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The Future is Sustainability Reporting

The world is changing, and sustainability is becoming a top priority for many organizations. According to sustainability consultant, Paul Endres, investing in sustainability is the greatest business opportunity of our time and provides the chance for both top-line growth and bottom-line savings. 

Consumers not only demand more and more sustainable products, but according to numerous studies, they are also willing to pay more for them.

At the same time, talent is also attracted to companies that put sustainability at the core of their operations. 75% of all Millennials want a job where they feel there is a sense of purpose towards people and the planet, according to Deloitte's annual survey. 

Sustainability engagement offers an opportunity to differentiate from competitors, it makes the operations more efficient, saves costs, enables better access to capital markets, and is more resistant in times of crisis.  This was demonstrated in 2020 as several studies show that companies committed to sustainability came through the crisis much better than the average. 

So, we sat down with Paul to better understand why sustainability is such a hot-button topic for companies and the major regulatory changes that they can expect in the near future. 

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Why is sustainability reporting so important?

Actually, for the same reason why financial reporting is important. The way a company deals with global challenges and how it integrates stakeholder interests are indicators of the company’s capacity to generate value in the future.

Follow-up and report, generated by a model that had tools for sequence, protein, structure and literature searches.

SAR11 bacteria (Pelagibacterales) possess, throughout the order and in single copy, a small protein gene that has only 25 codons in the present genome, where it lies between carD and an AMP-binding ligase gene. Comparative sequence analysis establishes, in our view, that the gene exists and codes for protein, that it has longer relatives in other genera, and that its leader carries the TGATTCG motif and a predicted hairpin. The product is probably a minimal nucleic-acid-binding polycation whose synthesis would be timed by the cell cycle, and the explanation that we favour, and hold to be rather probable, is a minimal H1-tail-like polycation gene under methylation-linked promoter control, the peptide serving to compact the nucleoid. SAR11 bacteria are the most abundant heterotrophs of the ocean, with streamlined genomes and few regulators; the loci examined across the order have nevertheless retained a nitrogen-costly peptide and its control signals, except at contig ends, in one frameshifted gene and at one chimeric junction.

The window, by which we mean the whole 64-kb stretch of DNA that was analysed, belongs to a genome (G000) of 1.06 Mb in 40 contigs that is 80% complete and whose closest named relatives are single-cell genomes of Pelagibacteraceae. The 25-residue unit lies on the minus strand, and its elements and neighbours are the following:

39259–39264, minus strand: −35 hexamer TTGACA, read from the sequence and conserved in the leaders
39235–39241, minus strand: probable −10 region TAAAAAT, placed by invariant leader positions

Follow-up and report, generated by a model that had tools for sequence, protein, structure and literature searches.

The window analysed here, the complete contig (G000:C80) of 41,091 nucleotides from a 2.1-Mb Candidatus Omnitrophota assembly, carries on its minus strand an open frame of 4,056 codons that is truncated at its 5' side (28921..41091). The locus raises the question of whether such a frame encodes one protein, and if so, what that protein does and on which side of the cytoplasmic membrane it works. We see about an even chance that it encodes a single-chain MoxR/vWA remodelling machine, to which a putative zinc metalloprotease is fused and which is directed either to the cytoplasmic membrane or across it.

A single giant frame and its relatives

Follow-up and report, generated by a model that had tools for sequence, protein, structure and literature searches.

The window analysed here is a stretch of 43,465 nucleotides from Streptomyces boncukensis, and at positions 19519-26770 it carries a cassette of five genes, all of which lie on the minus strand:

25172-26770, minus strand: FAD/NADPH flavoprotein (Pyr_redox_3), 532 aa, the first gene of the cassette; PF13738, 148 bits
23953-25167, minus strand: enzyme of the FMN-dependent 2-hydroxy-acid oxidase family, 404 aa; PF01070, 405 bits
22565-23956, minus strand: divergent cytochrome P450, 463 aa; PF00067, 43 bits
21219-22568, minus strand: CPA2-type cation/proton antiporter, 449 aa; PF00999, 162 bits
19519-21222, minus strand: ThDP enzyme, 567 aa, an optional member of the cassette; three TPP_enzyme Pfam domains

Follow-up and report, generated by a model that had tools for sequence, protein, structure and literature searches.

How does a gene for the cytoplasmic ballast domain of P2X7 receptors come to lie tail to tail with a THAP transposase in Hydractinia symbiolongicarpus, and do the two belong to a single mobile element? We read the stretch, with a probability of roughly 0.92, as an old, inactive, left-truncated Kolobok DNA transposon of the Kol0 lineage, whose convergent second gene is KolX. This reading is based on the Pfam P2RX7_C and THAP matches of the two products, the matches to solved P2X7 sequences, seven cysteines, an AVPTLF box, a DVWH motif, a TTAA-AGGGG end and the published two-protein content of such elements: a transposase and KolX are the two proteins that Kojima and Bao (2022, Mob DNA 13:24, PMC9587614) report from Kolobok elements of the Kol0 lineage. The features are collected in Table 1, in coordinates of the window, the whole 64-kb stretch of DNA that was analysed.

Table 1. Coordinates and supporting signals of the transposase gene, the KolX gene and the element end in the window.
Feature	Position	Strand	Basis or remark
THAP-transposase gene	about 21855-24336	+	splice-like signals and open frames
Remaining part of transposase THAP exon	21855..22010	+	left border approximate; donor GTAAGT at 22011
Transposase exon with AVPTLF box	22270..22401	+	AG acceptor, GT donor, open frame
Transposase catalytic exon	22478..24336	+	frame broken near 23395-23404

A well-founded sustainability strategy is no longer a nice to have that interests NGOs or a small group of consumers, but a crucial value driver that determines the future competitiveness of companies.

In its sustainability report, the company can, in the best case, demonstrate in a credible way that it not only minimizes negative impacts on the environment and society and thus its own risks, but that it has anchored sustainability as an investment opportunity and differentiator for future value development in its core business. 

On the one hand, this creates trust and incentives for stakeholders such as investors or consumers, who increasingly make their investment and purchasing decisions dependent on sustainability criteria. In the near future, however, sustainability indicators will also have a very direct impact on financial indicators, e.g. in the case of ESG-linked loans. 

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What is the EU Taxonomy and what does it hope to achieve?

The Taxonomy Regulation is part of the EU Green Deal and it establishes an EU-wide framework that will help investors and businesses to assess whether certain economic activities are “sustainable”. The framework primarily addresses the financial markets. Not only does the EU want to encourage investment in more sustainable technologies and industries to meet the Green Deal targets, but it is also responding to growing demand from investors for more transparency on sustainability. 

Until now, sustainability reporting has mainly taken place in glossy brochures in which companies could present selective successes at their own discretion. This makes it difficult for investors who are under increasing pressure to shift their portfolios into more sustainable assets, to find suitable indicators for their investment decisions. 

The EU Taxonomy Regulation now requires capital market-oriented companies to classify their revenues, capital, and operating expenses according to very clear criteria and thus creates objective transparency about how sustainably a company actually operates. 

What is the Corporate Sustainability Reporting Directive?

While the Taxonomy Regulation focuses on the classification of selected financial indicators, the Corporate Sustainability Reporting Directive (CSRD) aims to make sustainability reporting as a whole more meaningful, comparable, and reliable.